Johnny - Well, let's not completely discount the importance of bad criticism. Doing any kind of art is tough and you have to be able to get knocked down. But then you have to decide whether or not you want to get back up and keep working or roll over and die. So, bad criticism does a good job of weeding out the wimps.

From Angry Youth Comix #10 (Fantagraphics)

NC - You've directly responded to criticism recently in a strip aimed at Simon Hanselmann's Truth Zone. The whole thing seems fairly steeped in irony despite it being referred to as a feud by some corners of the internet. Does it warrant any further discussion or was it a case of professional tit for tat?

Johnny – Haha, yeah. I wasn't really aware of Simon's comics until he did a comic about me masturbating like a pig in front of people. I thought it was funny and I told him so. I'm always honored whenever someone takes the time to draw a comic about me. And I was inspired to return the favor by doing a comic about him. I like Simon's comics and think he's a funny cartoonist. I was only busting his chops. Although, we should probably pretend to despise each other and keep fighting in comic form. People love that shit haha.

NC - That's amazing. I hope you keep it up, the back and forth seems to be making people spin themselves into early graves by choosing "Team Johnny" or "Team Simon" which is pretty hilarious. The funniest part was that Nick Gazin seems to get targeted in both strips, poor guy! Haha! 

Johnny - Haha. Yeah, Nick's a good guy. He's got a pretty good sense of humor. And like me he loves when people draw him in comics. 

NC - How did the chick tract exhibit go? We have a guy over here called Matt Emery who was buying up heaps of the original chick tracts and selling them at cons, that was my first exposure to them. They're truly bizarre. When did you start defacing them? They look so legit at first glance, it's hysterical.

Johnny - The exhibit was great. Actual Christian protestors showed up outside with signs and everything. It was pretty cool. When I started defacing the tracts I was only doing for a cheap online laugh. After about 3 months or so I had accumulated about 80. My friend Greg has a store in LA called Mishka and he was opening a gallery in the back and wanted to know if I would do a show. I told him I didn't have time to do anything new, but I did have all these defaced chick tracts. He was into the idea, so we did it. I thought it was gonna be kinda stupid, but it turned out better than I thought.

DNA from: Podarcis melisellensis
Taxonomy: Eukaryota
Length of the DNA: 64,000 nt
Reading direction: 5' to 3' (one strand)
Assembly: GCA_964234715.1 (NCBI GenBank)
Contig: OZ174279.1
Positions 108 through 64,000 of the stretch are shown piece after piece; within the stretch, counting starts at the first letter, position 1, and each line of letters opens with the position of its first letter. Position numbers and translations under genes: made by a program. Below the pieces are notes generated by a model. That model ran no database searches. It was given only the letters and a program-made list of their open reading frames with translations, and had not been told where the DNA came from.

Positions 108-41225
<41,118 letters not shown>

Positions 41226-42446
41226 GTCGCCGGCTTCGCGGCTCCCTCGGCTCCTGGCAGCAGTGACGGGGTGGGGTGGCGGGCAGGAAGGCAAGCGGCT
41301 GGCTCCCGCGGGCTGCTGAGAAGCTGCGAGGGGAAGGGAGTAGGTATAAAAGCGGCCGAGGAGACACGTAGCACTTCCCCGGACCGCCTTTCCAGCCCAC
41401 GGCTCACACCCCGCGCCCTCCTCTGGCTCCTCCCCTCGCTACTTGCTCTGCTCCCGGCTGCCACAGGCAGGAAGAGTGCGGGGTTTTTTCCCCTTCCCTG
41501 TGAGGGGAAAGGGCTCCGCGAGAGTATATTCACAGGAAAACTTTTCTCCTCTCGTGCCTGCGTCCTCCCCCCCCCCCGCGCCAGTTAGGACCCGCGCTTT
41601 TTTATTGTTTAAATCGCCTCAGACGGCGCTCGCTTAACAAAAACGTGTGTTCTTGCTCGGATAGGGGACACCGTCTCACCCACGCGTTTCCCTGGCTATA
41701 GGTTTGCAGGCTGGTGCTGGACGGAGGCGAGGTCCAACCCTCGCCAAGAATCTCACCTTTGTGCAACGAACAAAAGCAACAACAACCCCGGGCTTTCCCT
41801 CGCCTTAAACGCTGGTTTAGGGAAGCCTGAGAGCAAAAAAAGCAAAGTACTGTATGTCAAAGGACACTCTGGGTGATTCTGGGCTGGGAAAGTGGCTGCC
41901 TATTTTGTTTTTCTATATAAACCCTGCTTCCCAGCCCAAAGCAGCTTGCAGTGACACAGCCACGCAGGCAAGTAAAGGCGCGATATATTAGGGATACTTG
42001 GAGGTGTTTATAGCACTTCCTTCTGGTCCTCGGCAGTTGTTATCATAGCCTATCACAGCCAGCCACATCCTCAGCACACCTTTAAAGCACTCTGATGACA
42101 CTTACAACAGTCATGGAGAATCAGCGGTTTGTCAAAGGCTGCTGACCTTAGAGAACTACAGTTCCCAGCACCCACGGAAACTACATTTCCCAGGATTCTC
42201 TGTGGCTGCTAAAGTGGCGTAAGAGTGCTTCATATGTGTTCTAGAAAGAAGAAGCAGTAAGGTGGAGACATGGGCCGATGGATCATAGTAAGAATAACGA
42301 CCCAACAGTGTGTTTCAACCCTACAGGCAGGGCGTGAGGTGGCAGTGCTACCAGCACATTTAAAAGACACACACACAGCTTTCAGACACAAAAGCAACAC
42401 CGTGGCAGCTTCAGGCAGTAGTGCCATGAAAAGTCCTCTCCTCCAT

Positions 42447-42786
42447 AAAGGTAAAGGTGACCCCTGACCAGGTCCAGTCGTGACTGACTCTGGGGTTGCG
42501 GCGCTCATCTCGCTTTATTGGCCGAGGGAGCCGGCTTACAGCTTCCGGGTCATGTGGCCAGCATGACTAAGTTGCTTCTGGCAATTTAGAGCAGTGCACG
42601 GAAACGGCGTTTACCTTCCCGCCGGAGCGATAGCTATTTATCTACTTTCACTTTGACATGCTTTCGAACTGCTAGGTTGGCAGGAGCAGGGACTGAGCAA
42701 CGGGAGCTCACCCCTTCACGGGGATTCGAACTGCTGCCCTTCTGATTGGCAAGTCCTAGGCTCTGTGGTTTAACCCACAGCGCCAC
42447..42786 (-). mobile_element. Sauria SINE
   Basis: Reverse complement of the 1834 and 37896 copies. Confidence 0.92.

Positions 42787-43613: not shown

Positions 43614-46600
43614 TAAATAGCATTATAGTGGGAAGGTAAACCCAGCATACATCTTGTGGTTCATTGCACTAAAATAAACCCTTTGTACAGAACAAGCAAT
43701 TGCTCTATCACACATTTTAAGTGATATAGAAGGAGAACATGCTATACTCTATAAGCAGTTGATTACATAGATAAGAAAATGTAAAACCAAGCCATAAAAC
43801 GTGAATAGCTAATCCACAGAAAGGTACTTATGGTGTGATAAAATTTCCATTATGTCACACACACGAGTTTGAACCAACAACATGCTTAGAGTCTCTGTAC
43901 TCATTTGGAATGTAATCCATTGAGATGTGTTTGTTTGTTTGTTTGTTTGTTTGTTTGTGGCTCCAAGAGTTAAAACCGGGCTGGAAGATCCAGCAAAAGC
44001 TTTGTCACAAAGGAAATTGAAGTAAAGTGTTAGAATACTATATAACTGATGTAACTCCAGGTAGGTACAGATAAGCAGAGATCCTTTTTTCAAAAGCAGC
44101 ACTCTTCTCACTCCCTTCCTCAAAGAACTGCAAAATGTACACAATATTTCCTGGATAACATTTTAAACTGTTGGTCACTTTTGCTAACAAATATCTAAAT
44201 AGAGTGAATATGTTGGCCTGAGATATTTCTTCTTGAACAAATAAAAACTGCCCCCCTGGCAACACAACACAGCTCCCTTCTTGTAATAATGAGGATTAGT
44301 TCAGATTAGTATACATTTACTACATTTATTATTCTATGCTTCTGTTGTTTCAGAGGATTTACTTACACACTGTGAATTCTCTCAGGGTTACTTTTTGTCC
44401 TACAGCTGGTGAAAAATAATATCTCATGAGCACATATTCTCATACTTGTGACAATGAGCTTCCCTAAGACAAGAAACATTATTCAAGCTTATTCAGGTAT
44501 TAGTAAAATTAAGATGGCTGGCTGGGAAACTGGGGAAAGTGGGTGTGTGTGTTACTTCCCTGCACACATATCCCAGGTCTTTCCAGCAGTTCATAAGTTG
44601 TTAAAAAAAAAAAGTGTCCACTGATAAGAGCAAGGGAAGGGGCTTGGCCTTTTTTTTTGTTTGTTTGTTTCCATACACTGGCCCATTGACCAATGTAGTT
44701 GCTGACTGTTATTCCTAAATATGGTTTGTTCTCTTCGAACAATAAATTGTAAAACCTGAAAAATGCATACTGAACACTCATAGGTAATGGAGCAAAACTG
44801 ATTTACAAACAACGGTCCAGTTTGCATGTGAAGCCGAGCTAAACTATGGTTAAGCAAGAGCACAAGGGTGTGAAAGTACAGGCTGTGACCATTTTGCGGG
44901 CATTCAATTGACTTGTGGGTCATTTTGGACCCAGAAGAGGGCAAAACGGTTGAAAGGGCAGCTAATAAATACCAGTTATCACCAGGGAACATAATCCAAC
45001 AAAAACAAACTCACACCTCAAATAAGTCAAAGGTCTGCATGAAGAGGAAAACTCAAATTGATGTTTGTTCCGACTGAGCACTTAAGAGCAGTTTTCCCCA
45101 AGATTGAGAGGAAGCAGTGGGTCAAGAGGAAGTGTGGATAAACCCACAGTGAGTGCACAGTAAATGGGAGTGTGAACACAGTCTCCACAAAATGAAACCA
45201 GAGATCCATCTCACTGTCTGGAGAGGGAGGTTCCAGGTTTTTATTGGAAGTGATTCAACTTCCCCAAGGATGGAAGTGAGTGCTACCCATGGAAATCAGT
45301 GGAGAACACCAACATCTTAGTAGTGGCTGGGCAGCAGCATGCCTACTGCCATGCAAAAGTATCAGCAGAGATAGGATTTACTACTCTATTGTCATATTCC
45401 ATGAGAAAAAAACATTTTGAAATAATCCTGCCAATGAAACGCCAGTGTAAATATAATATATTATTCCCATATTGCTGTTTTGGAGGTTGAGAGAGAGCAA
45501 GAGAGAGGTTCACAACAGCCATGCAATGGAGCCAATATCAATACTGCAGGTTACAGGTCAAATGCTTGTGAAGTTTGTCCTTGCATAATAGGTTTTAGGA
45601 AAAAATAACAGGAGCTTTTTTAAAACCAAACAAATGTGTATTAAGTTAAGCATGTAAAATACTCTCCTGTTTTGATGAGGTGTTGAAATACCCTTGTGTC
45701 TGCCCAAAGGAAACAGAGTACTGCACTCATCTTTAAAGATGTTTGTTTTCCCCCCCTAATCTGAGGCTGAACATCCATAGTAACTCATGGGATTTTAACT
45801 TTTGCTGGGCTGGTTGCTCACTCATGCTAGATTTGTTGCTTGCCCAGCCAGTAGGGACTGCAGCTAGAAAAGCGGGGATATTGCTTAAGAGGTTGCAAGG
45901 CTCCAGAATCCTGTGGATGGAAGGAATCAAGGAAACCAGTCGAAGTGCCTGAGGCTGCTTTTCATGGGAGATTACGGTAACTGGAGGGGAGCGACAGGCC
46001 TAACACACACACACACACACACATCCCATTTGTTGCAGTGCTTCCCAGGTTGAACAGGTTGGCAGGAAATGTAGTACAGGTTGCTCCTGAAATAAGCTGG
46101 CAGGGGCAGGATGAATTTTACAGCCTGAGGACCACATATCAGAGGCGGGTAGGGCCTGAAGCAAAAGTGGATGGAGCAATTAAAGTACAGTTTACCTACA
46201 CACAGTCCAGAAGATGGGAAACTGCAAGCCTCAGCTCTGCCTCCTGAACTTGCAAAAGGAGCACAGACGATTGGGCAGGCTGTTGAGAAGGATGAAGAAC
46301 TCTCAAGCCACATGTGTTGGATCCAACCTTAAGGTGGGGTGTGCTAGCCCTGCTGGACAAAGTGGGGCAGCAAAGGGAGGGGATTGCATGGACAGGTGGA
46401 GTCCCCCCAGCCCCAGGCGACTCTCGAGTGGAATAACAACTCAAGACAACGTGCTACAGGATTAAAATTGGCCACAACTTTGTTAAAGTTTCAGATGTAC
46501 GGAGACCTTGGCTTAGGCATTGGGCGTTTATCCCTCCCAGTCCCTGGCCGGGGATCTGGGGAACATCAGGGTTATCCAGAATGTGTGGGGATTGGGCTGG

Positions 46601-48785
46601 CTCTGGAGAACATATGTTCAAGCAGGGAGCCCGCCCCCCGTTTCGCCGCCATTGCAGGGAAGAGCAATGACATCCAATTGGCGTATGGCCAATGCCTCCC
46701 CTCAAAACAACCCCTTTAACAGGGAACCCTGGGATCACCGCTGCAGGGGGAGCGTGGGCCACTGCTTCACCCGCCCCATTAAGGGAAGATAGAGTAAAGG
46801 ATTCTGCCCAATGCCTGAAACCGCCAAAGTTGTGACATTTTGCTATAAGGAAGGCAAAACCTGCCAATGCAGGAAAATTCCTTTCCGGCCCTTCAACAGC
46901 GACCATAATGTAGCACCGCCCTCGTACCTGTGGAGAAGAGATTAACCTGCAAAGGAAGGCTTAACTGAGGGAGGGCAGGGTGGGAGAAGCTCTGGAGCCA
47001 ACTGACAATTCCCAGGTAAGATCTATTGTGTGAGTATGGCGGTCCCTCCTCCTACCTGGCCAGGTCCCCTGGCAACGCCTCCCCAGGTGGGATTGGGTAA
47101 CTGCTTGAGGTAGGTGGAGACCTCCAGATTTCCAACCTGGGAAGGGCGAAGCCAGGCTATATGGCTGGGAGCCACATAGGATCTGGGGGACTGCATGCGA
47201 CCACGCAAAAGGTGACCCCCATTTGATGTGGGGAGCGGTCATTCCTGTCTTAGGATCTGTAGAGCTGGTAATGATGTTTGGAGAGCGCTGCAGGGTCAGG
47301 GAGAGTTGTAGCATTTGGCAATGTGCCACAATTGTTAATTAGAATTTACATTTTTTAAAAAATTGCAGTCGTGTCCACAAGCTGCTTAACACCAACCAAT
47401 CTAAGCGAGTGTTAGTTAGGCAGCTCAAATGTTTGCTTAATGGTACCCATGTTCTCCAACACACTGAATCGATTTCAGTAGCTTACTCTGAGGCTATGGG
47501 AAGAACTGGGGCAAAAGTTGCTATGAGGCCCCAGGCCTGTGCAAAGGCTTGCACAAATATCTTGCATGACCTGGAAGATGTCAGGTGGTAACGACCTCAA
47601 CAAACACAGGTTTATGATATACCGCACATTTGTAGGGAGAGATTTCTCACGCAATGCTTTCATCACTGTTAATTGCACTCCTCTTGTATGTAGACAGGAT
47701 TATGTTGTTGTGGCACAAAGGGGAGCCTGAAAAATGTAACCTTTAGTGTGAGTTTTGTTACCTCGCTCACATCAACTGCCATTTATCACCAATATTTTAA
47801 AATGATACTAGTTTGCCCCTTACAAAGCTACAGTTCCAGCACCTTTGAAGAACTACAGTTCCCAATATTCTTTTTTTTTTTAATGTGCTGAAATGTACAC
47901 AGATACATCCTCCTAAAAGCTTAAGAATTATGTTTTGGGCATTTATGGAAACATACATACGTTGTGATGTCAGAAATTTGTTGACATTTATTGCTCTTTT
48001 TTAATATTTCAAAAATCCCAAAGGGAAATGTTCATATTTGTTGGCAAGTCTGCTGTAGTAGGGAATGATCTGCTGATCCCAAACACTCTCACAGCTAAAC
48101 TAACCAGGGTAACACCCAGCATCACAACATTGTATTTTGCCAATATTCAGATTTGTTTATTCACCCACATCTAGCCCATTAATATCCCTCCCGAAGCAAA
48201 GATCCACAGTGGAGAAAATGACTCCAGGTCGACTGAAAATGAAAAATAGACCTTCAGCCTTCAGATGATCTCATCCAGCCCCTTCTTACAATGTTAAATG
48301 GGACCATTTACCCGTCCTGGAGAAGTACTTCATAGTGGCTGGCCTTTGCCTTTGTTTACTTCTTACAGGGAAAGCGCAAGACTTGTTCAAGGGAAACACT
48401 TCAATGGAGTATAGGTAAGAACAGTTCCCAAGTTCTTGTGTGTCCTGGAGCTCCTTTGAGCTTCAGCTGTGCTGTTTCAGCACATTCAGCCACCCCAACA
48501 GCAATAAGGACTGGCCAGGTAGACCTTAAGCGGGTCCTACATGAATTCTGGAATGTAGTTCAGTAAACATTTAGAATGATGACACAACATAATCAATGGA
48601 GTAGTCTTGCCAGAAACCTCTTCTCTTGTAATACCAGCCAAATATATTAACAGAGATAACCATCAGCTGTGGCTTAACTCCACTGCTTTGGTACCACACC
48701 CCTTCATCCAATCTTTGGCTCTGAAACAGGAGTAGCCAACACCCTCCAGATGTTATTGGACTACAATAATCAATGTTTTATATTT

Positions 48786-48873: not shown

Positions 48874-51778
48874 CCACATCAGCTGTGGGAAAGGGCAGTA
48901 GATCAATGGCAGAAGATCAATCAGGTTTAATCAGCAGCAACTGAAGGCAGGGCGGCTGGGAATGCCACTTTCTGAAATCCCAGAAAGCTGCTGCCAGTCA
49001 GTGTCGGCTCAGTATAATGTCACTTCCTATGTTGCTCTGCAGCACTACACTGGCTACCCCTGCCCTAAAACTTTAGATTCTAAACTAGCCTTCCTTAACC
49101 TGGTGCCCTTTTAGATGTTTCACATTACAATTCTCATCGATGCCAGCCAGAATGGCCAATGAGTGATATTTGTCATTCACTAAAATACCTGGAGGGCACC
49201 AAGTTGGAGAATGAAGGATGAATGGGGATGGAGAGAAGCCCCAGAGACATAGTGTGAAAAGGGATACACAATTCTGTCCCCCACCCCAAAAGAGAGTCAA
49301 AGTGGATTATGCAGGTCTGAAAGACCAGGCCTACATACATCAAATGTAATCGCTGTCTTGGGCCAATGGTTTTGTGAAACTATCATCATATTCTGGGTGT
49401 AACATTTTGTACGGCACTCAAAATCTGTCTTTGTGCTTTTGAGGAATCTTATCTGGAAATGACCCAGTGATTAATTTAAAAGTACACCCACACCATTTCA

NC - So, Prison Pit volume 5 is out really soon. What other projects have you got coming up? What's the next celebrity nudes series?  Surely you've gotta bring those back.

Johnny - Haha that nude shit was just a burst of inspiration, which I think has passed. But, I'm still helping put together the animated Prison Pit, as well as helping develop a cartoon for Nickelodeon with Dave Cooper. 

NC - Holy shit!  Is that PigGoat Banana Mantis

Johnny - Yeah, but Mantis has been changed to Cricket.

NC - Sounds great, when it airs we'll have to get you and Dave on to talk more about it. Hopefully it will be the catalyst to restart a gross-out cartoon revival at Nickelodeon. They used to put some amazing cartoons out, Rocko's Modern Life, Cat Dog etc. I feel like we've covered a lot of ground, I'll finish on a curveball - 

NASA are sending a deep space probe to make contact with alien life on distant galaxies. They come to you to engrave a message on behalf of the human race on a plaque on the probe's hull. What do you write/draw?

Johnny - Follow me on twitter @mrjohnnyryan

 

And you can indeed follow Johnny on twitter @mrjohnnyryan, or visit his website where he has heaps of original art and prints for sale!  

All images copyright to Johnny Ryan.